The double Olympic bronze medallist turned race director of the Tour of Britain, Prudential RideLondon-Surrey 100 and the Tour Series, reveals his most embarrassing cycling moment, his most used phrases and why Haytor was his favourite 2013 Tour of Britain stage

I got into cycling because of a disease I had on the knees called Osgood-Schlatter. When I was 15 or 16, my legs were completely in plaster and once the casts came off, part of my rehab was being put on an exercise bike.

I remember there was a timing board on the wall and I smashed all of the records on it. My next door neighbour then gave me my first bike, which I stripped down. I was up and running in no time and never looked back.

If I could relive any race of my career, it would be the team pursuit bronze medal ride at the 1972 Munich Olympics. It was very unexpected, and it turned out to be the first time Britain had won a medal in cycling since 1956.

Stubborn, team-oriented, canny, intelligent and aggressive (on occasions)  would be the best words to describe my riding style, I think.

My most embarrassing cycling 
moment came while riding a Madison in Lodz, Poland, with [former GB 
team-mate] Willy Moore. We had 
spent several days on a diet of rhubarb soup, ham and prune juice. During the race I had an attack of diarrhoea and 
had to find a toilet at a track that had next to no facilities.

I managed to find what could only be described as a hole surrounded by corrugated sheeting. I found out the hard way that the hole was in fact more of a pit which, in my haste, I fell into up to my chin. Willy was still out there racing so I had to clean myself up and walk through the crowds to rejoin the event.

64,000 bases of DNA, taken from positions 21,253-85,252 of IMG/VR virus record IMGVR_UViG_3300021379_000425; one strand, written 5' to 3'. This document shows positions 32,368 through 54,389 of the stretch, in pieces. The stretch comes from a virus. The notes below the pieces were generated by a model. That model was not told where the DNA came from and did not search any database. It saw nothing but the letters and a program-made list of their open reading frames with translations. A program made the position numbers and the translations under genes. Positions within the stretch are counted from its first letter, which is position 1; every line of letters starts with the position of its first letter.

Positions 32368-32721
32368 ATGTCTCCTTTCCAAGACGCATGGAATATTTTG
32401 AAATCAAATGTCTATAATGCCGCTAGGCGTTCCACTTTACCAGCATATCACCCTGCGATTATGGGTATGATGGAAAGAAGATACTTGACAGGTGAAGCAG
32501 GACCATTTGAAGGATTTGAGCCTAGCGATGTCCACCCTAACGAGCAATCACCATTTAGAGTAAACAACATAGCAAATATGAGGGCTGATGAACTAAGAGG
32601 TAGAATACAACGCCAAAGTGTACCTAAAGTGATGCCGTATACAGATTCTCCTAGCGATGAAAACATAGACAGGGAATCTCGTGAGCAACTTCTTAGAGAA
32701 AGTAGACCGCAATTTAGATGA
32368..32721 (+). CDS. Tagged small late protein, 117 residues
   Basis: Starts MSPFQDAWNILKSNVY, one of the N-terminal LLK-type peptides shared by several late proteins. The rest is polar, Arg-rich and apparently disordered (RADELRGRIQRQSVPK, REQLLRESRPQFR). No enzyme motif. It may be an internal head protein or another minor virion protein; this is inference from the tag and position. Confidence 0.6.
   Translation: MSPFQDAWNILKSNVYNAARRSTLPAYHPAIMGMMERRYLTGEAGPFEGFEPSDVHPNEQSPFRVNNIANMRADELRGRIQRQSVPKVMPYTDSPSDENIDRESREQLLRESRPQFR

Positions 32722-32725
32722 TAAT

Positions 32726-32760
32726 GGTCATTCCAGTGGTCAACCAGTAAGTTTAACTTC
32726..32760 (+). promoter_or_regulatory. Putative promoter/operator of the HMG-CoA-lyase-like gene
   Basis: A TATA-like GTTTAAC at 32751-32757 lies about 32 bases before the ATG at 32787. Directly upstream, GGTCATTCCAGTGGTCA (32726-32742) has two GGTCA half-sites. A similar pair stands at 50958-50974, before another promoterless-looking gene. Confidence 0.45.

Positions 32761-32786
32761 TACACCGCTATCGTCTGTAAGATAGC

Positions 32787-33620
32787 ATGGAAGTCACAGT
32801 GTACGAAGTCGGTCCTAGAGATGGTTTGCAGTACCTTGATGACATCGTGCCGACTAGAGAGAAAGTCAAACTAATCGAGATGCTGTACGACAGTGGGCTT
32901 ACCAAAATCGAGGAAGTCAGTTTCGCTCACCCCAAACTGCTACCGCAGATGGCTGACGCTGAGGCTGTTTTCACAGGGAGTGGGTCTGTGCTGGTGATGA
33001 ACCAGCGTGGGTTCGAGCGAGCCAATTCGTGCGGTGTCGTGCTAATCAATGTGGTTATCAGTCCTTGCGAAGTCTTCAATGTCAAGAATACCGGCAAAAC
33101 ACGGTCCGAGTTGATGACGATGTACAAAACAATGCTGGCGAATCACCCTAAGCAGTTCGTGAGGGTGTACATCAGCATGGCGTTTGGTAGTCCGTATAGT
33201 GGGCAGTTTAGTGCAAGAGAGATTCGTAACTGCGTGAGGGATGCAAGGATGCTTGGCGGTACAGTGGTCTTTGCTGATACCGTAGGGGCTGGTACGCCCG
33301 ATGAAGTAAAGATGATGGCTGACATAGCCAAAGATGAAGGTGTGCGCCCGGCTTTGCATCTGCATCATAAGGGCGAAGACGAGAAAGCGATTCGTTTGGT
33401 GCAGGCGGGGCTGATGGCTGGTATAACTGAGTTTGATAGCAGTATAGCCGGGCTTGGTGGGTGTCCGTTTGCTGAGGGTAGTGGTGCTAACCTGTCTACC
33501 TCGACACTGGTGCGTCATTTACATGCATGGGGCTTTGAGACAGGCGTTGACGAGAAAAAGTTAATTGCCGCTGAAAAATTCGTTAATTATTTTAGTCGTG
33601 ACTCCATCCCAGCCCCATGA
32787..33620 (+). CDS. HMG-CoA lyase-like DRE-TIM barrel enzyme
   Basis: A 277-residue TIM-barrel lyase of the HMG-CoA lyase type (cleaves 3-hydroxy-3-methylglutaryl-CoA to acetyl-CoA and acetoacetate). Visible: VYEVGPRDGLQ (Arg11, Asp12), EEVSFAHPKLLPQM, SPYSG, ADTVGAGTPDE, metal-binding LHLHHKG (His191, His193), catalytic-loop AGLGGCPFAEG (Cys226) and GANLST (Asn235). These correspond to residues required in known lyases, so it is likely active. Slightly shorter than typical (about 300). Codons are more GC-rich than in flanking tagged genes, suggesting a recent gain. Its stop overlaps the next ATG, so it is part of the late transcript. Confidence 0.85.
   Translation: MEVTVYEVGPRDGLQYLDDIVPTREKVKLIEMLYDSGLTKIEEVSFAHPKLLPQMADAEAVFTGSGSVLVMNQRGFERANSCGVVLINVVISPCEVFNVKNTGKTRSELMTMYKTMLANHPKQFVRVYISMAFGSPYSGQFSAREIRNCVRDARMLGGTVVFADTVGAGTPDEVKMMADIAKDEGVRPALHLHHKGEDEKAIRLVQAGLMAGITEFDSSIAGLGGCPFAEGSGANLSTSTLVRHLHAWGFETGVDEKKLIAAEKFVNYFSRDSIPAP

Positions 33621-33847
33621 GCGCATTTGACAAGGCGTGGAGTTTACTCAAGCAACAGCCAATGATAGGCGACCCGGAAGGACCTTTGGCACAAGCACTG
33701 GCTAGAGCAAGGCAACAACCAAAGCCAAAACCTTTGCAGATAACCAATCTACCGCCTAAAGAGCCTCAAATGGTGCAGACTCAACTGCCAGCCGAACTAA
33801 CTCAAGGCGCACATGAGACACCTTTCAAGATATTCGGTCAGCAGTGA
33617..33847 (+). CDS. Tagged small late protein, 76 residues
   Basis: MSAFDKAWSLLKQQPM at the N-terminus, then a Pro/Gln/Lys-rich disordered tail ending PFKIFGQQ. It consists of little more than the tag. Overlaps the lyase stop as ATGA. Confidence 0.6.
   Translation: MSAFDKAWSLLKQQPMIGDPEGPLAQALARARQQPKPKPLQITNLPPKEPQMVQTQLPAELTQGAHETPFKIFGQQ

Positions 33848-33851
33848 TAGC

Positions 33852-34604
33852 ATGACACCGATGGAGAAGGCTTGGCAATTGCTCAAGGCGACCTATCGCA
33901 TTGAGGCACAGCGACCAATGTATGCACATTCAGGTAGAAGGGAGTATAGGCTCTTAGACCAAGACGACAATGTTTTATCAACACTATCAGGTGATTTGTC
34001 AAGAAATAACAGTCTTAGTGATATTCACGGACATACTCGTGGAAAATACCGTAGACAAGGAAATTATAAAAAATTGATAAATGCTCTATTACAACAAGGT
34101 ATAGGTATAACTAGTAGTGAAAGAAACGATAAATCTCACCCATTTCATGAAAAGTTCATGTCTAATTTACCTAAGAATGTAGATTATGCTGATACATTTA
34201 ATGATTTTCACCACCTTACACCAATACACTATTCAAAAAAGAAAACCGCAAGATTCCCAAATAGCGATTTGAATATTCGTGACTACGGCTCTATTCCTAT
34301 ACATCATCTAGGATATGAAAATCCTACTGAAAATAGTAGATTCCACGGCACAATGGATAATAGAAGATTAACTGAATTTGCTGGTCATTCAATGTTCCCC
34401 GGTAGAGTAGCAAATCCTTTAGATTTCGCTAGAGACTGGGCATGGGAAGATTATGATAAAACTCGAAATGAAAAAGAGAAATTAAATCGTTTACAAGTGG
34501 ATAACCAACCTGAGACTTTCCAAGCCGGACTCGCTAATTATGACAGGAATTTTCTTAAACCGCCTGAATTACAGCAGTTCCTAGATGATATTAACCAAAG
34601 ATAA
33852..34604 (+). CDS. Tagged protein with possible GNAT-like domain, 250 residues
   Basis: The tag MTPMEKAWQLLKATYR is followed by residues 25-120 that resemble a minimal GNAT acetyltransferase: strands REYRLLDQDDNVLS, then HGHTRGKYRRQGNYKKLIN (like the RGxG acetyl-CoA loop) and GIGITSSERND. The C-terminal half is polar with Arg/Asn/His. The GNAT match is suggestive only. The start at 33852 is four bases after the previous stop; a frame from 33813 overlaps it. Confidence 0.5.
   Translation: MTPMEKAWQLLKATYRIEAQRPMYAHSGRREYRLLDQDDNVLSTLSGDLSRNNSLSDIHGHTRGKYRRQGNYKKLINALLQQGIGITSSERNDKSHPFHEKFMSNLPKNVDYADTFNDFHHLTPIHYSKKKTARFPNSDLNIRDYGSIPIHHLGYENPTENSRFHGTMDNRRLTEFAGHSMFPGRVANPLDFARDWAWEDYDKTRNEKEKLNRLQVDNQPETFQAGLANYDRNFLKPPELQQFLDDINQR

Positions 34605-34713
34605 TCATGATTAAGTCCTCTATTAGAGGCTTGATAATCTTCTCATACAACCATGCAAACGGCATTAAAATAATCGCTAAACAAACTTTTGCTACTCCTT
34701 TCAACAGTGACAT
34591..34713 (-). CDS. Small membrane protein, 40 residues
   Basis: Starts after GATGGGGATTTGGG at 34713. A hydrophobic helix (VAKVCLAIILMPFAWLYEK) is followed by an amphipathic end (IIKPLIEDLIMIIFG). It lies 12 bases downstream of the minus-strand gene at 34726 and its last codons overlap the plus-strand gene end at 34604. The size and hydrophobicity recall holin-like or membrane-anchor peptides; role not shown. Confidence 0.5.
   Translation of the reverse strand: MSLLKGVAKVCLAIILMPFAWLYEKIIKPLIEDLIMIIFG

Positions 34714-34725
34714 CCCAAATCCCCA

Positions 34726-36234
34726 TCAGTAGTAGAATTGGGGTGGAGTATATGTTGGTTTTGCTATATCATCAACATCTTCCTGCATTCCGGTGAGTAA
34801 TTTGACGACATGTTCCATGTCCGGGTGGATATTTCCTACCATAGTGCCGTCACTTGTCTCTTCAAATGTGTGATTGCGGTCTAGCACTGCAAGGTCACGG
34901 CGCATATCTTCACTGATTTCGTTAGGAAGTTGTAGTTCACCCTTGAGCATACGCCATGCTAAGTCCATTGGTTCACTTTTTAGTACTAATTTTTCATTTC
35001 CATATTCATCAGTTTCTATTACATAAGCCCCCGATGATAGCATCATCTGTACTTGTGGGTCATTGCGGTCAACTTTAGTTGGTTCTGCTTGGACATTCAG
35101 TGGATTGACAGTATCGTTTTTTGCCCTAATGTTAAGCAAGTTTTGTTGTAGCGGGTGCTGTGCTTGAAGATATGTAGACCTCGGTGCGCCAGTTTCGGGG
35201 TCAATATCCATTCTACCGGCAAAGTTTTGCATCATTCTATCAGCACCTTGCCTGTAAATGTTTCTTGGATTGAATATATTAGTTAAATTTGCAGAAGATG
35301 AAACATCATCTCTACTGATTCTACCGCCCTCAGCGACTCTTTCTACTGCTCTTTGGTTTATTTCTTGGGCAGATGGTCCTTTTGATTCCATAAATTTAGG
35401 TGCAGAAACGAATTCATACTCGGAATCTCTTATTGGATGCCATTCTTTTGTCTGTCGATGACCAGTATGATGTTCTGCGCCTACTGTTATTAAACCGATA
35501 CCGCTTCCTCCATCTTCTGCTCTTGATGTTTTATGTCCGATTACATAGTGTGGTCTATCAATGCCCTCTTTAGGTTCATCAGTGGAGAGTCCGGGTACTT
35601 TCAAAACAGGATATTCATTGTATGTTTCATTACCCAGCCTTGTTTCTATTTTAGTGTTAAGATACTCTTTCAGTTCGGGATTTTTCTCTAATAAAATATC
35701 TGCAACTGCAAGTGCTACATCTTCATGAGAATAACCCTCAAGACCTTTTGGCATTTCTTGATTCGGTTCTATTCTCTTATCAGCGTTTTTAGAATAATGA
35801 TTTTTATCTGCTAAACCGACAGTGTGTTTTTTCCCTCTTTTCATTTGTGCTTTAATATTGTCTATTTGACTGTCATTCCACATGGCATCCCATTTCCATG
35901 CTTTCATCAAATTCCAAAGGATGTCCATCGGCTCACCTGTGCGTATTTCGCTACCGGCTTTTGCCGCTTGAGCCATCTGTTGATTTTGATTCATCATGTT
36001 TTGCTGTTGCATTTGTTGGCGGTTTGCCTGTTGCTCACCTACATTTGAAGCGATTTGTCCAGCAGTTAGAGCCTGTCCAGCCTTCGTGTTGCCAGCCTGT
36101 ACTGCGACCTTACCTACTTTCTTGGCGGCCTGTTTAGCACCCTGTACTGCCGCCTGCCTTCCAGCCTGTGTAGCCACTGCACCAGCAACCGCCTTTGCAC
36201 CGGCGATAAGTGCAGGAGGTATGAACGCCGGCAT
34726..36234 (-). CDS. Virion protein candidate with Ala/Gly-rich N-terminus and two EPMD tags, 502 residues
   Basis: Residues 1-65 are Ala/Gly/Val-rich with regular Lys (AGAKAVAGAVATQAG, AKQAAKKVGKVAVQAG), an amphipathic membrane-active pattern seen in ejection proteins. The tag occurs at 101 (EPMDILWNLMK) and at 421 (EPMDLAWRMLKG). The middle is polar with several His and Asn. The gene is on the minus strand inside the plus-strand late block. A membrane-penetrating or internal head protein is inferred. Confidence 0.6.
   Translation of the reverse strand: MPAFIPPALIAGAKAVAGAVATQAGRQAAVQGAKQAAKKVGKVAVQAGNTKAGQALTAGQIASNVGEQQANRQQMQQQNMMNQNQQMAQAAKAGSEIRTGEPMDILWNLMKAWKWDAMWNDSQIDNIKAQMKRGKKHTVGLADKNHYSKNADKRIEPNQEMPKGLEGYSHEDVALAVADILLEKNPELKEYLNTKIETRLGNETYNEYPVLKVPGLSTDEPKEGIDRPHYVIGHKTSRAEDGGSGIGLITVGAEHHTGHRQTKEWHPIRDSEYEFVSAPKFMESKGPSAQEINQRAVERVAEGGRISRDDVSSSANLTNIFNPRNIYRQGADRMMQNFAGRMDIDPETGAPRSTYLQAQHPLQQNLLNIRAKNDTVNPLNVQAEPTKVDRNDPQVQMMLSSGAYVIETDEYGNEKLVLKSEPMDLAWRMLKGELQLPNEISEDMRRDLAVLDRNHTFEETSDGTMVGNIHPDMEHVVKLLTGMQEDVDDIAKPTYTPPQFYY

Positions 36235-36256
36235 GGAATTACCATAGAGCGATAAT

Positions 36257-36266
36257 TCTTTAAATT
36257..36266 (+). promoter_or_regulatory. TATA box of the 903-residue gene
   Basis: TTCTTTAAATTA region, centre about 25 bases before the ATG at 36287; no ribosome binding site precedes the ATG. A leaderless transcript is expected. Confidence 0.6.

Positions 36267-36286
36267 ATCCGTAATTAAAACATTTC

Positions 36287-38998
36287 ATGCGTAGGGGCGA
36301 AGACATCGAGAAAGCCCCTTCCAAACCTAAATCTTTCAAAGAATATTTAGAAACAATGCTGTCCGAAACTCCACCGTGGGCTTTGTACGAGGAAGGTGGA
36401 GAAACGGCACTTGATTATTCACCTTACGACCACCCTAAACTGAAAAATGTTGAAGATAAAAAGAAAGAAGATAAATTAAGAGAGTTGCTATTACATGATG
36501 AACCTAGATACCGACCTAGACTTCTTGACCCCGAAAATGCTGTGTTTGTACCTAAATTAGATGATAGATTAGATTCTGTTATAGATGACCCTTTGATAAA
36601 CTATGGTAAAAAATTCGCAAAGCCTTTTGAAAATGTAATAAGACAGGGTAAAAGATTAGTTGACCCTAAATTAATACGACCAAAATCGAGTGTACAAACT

My favourite stage in the 10 editions of the modern Tour of Britain so far was the first mountain-top finish in Haytor, Devon in 2013. It was a difficult and problematic set up, but the support 
from the council and site rangers was exemplary. I would love to go back 
there again.

To relax, I like watching a good drama or thriller on the big or the small screen. Also, I enjoy seeing Liverpool FC play — preferably when they win!

If I had a blank cheque, I would buy the world out of poverty. It would be great to give everyone a clean sheet upon which to start again.

I have a few phrases I use regularly. When talking to suppliers and subcontractors, “You need to sharpen your pencil” comes out, as I inevitably want them to lower their prices.

If someone says, “No you can’t,” during a meeting, I will always reply with, “Can you explain in detail why we can’t?” If I’m working at a race, it’s always, “Can 
I see your accreditation?” and, “I’m sorry, but you can’t stand there.”